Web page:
Bill to allow State System schools to exit expected Tuesday; chancellor 'concerned'
March 6, 2014 11:04 PM
State System Chancellor Frank Brogan speaks to students at California University in November. He says he is deeply concerned about the legislation that would allow universities to leave the system and potentially become state-related, like Pitt and Penn State.
By Bill Schackner / Pittsburgh Post-Gazette
Frank Brogan, the State System of Higher Education chancellor, expressed deep concern Thursday over legislation to allow some state-owned universities to leave the system and become state-related schools unless they receive more autonomy.
Mr. Brogan spoke hours after state Sen. Robert Tomlinson, R-Bucks County, said he would introduce legislation Tuesday potentially allowing breakaway schools to join the ranks of Penn State, Temple and Lincoln universities and the University of Pittsburgh.
Mr. Tomlinson said his bill would ensure that relatively healthy campuses able to buy their way out from the system will have the flexibility they need to grow, but the chancellor warned the proposal likely would drive up tuition and fees at universities that leave while weakening those system schools that remain.
The bill, and reaction to it, are further signs of escalating worry over financial and enrollment woes across the 14 member universities, including California, Clarion, Edinboro, Indiana and Slippery Rock universities in Western Pennsylvania.
Mr. Brogan said that in return for joining a group of universities that are not state-owned, the schools would have to amass enough funds to buy back buildings and land from the system, something the chancellor said could total hundreds of millions of dollars at each school.
He said breaking away could prove more daunting than schools realize. And even if they can make a go of it financially, the general public might not appreciate using public funds that way.
"They believe that money is being used to provide them the professors, the support staff, the opportunity today to better their educational experience," Mr. Brogan said. "They sure don't believe it's going to be squirreled away in part by those institutions [to] buy their way to quasi-private status."
Pennsylvania residents attending State System schools pay $6,622 in tuition yearly, a fraction of prices at state-related schools such as Pitt, where base yearly tuition is $16,240. Loss of even one State System school means that many more students would be at risk of paying higher rates.
"I am very concerned about this legislation, and the net effect for both the schools that might become state-related and for those schools that remain," Mr. Brogan said.
Mr. Tomlinson said details of the legislation would be released Tuesday in Harrisburg at an 11 a.m. news conference.
Mr. Brogan said his understanding is that schools with at least 7,000 students would be eligible. That applies to nine of the 14 universities, but since all except for West Chester and Bloomsburg have lost enrollment since 2010, it's unclear how many would have interest in or be positioned financially to consider leaving.
In an interview, Mr. Tomlinson said those schools need greater flexibility to react rapidly to shifts in the higher education marketplace than they have now given the pace of decision-making within the State System's bureaucracy.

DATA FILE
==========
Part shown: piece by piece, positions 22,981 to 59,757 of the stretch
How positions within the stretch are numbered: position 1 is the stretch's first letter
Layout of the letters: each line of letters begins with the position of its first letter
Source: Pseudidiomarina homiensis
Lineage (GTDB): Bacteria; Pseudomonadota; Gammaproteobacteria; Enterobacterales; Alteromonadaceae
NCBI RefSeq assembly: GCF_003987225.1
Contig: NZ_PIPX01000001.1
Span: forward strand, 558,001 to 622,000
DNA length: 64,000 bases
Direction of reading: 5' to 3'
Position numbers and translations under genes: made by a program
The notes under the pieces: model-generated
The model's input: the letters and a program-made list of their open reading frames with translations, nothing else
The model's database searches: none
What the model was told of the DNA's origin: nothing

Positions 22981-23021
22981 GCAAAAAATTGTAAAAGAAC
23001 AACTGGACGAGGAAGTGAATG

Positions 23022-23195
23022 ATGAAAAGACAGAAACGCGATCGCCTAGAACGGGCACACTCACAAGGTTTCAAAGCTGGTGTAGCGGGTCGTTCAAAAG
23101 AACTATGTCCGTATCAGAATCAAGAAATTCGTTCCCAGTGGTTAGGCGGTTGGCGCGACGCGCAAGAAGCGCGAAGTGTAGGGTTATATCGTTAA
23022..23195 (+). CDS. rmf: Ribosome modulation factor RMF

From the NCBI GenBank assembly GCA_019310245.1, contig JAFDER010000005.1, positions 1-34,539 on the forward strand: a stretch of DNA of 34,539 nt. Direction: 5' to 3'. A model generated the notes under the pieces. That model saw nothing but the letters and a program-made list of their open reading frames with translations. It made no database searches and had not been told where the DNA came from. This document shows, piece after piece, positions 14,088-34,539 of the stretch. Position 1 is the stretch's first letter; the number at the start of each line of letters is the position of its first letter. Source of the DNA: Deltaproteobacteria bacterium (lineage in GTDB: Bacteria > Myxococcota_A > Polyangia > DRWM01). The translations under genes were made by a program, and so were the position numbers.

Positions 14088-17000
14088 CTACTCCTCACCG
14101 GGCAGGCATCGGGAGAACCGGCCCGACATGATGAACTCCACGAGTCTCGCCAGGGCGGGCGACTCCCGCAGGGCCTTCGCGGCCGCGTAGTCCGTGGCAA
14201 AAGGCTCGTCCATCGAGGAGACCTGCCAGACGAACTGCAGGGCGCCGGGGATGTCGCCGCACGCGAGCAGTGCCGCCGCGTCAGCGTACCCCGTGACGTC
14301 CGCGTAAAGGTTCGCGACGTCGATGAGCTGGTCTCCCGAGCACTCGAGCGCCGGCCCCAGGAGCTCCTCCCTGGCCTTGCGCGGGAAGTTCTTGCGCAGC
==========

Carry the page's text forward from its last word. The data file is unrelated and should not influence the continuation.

He said Pennsylvania's demographics no longer support the status quo, noting that the number of high school graduates west of the Susquehanna River is half what it was in 1990.
The system's enrollment of 112,300 students is down from 2010's peak by 7,200 students -- equal to an entire campus. The declines average 6 percent among the 14 schools but are nearly 20 percent at some individual campuses, including those in Western Pennsylvania.
The smallest university is Cheyney, whose enrollment of 1,212 students has fallen by nearly 24 percent since 2010. The second-smallest is Mansfield, whose enrollment the past three years has dropped 13 percent to 2,988 students.
By contrast, West Chester has grown by 9 percent since 2010 to 15,845 students, making it the largest system school.
Reacting to concerns expressed by some groups, Mr. Tomlinson insisted that the bill he and state Sen. Andy Dinniman, D-Chester County, have drafted is not aimed at shutting down any campuses, as each is important to its region. "We don't want to see any of them close," he said.
But he said those schools that also have faced deep state funding cuts need to "right-size" themselves and better focus resources on areas of growing demand. "The system is going to implode if we don't do something," he said.
Mr. Tomlinson said he'd like to see greater flexibility, for instance, for individual campuses to set tuition and make changes to their curriculum.
But Mr. Brogan said the system without legislation already has taken steps to become more nimble, citing such initiatives as recent decisions to enable member universities to fast-track approval of academic changes and to adjust based on market conditions their tuition for certain programs and their out-of-state rates.
Mr. Tomlinson, a member of West Chester's council of trustees, said existing labor contacts with schools that leave the system would remain in force and that afterward, unions would bargain with those campuses individually rather than with the State System.
"It's my strong belief that there is too much control at the top," he said of the State System. "And there is too little control at the individual colleges."
Bill Schackner: email@example.com, 412-263-1977 and on Twitter: @BschacknerPG.
Bill Schackner: firstname.lastname@example.org, 412-263-1977 and on Twitter: @BschacknerPG. First Published March 6, 2014 2:11 PM
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